We briefly mentioned licenses above, but it’s an important topic, so we’ll give you a few more details you need to know.
Once you complete an apprenticeship—or complete a specific number of supervised work hours on the job—you’ll need to get your license to become a journeyman electrician. In most cases, licenses are granted by the state, but there are certain states (Illinois is one) that licenses people at the local municipal level.
Each state has different rules about what it takes to become a journeyman, but the general requirements are usually the same.
The requirements are usually related to:
the number of on-the-job training hours you’ll need to complete;required coursework you’ll need to take during your training; andan exam that deals with electrical theory, the National Electric Code, and local electric codes and building codes.
Why Do Need to Know This?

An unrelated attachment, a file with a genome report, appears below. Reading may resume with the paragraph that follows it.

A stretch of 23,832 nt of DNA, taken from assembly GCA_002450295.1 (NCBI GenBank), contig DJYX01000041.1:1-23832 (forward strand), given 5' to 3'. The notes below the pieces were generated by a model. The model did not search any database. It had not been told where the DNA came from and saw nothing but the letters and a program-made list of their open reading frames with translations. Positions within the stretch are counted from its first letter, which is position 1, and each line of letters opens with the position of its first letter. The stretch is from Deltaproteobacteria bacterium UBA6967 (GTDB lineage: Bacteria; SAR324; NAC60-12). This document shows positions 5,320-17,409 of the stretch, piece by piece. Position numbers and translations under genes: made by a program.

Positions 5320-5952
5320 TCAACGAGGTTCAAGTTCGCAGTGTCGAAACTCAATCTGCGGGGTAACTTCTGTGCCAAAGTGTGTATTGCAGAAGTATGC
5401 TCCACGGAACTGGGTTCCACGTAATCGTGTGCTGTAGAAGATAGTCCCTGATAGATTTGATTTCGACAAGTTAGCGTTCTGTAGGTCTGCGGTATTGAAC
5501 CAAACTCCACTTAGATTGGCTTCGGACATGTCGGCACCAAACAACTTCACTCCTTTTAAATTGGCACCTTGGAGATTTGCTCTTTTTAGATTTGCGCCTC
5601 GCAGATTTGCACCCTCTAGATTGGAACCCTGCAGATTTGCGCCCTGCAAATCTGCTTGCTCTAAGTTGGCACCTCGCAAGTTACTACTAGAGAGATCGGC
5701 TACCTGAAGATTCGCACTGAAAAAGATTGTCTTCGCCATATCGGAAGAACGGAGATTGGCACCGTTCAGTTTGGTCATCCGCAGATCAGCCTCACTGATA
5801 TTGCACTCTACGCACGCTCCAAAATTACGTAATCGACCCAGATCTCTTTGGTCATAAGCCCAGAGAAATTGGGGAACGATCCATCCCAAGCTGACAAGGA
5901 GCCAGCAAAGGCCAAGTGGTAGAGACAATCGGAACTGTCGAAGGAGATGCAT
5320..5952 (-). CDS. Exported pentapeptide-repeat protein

You may be wondering why we’re discussing licenses, when you’re at the beginning of your career, and just figuring out how to become an electrician.
There are two main reasons we bring it up.
Here’s the first:
Because each state has unique licensing requirements, you’ll (usually) want to do your apprenticeship or go to school in the state you want to work in. The requirements you meet to become a journeyman in one state may not be enough to meet the requirements to become a journeyman in another state.
Some states recognize licenses from others states—that’s known as “reciprocity”—but not all states have reciprocity. So, in many cases, it makes sense to receive your training in the area where you want to live and work.
Here’s the second reason:
While most states have licenses for journeyman electricians, some have different types of journeyman licenses—as well as other electrician licenses (Florida is one such state that has many different types of licenses; another state with a bunch of different license types is North Carolina). You don’t need to figure all of this out now, but it’s something to keep in mind as you move through your career.
If you would like to learn more about the electrician licensing boards and licensing requirements for each state, you can check the National Electrical Contractors Association site, or talk to your apprenticeship leader or college advisor.